[cairo] [RFC] cairo_path_extents()
brian.ewins at gmail.com
Thu Nov 22 09:32:24 PST 2007
On Nov 22, 2007 3:13 PM, Leon Woestenberg <leon.woestenberg at gmail.com> wrote:
> On Nov 22, 2007 9:11 AM, Jonathan Watt <jwatt at jwatt.org> wrote:
> > Baz wrote:
> > > Behdad suggested adding a cairo_path_extents() call to meet their
> > > need; to me this sounds like a better option than special-casing
> > > stroke_extents or fill_extents for hairlines. The proposed api is:
> > >
> > > void cairo_path_extents (cairo_t *cr,
> > > double *x1,
> > > double *y1,
> > > double *x2,
> > > double *y2);
> > >
> > > "Computes a bounding box in user coordinates covering the all points
> > > on the current path. If the current path is empty, returns an empty
> > > rectangle (0,0, 0,0). Stroke parameters, surface dimensions and
> > > clipping are not taken into account."
> > s/the all/all the/
> "covering all the points on the current path"
> What exactly are "all the points on the current path". Does this mean
> the extents of the path, if it was traced by an infinitely small point
> with an infinitely small curve error tolerance?
Pretty much. It is the limit of stroke_extents as stroke_width tends
to zero (except that stroke extents are defined as zero for stroke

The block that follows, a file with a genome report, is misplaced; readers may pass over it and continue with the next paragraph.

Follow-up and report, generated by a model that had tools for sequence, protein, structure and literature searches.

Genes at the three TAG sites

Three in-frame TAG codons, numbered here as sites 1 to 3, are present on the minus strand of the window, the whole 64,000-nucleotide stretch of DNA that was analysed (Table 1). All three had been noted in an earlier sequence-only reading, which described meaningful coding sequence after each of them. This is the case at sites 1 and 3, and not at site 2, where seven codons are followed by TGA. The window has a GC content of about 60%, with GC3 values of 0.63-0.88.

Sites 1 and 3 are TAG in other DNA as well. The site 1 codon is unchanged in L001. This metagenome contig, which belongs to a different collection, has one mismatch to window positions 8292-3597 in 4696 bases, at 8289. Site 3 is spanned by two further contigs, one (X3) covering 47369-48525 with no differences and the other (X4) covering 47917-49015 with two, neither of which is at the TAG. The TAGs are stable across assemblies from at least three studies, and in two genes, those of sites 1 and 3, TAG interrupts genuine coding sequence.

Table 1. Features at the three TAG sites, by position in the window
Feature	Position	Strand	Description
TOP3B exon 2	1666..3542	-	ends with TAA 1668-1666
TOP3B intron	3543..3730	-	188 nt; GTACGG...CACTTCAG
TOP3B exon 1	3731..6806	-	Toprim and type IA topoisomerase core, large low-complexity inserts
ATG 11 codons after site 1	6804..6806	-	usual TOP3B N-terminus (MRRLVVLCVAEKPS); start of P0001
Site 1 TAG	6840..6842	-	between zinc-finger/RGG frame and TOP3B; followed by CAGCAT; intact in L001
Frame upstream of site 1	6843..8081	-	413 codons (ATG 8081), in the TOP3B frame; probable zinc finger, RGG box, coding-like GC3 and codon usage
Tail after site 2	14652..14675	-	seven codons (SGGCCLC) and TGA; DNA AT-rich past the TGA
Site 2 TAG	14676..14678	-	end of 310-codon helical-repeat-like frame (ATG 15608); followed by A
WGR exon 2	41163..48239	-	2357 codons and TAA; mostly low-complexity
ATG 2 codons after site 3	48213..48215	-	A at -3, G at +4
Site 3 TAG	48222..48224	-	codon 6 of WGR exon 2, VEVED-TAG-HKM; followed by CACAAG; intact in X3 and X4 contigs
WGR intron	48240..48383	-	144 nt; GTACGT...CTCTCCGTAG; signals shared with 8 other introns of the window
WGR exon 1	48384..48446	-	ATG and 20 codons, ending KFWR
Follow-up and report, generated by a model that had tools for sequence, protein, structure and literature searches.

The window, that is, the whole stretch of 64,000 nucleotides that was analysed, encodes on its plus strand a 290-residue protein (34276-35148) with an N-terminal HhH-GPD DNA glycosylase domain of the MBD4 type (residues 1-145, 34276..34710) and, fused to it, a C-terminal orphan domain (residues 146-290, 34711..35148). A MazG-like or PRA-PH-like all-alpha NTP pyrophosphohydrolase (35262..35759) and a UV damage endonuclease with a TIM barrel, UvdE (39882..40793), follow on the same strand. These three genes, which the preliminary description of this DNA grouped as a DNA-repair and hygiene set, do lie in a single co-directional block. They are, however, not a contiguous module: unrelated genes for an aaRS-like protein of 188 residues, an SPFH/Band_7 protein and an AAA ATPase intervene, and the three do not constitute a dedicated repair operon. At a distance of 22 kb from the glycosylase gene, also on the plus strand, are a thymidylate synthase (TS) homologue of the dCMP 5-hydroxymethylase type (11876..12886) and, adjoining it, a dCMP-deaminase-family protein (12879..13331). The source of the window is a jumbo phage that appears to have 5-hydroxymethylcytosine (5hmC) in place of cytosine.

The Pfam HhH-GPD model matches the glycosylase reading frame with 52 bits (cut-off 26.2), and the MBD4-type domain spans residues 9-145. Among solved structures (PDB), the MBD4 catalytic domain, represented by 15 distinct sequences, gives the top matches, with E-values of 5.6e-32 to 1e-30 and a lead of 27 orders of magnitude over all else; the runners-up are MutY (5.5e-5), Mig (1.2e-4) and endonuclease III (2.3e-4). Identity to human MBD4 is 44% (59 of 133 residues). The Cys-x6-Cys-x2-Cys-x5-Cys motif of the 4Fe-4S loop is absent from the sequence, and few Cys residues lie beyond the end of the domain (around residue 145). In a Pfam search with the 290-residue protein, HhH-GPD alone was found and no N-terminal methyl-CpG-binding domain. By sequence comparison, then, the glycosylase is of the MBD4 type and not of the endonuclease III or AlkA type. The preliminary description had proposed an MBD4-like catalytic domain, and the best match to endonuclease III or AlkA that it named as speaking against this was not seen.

width = 0). The implementation I posted uses the tolerance you set
with cairo_set_tolerance. The motivation is SVGLocatable.getBBox():
BTW Carl also originally suggested on the bug that the behaviour of
stroke_extents for a stroke_width of 0 should be what this
path_extents does. It's one alternative, although some people might be
relying on stroke_extents returning inked bounds, for damage detection
> Is this function more performant than a stroke_extents()?
As I said, stroke_extents does not return the same results - see
above. You could get the same numbers by resetting the stroke width to
a known non-zero value, the line caps to round, the dashing to none,
and subtract the stroke width from the resulting stroke_extents.
However, calling path_extents should be faster as it does not need to
tesselate, deal with caps, etc - it just iterates over the path and
calculates the extents as it goes.
You could estimate a bounding box from the control points of the
curves (aka 'the control box'), and go faster, but the result will not
be tight. cairo_path_bounds.c was doing that, but Carl described it as
'obviously wrong' in the bug. Reading back I havent made it clear that
the first of these patches changes the behaviour of
_cairo_analysis_surface_intersect_clip_path and _cairo_path_bounds to
use the tight bounds instead of the control box, which will make that
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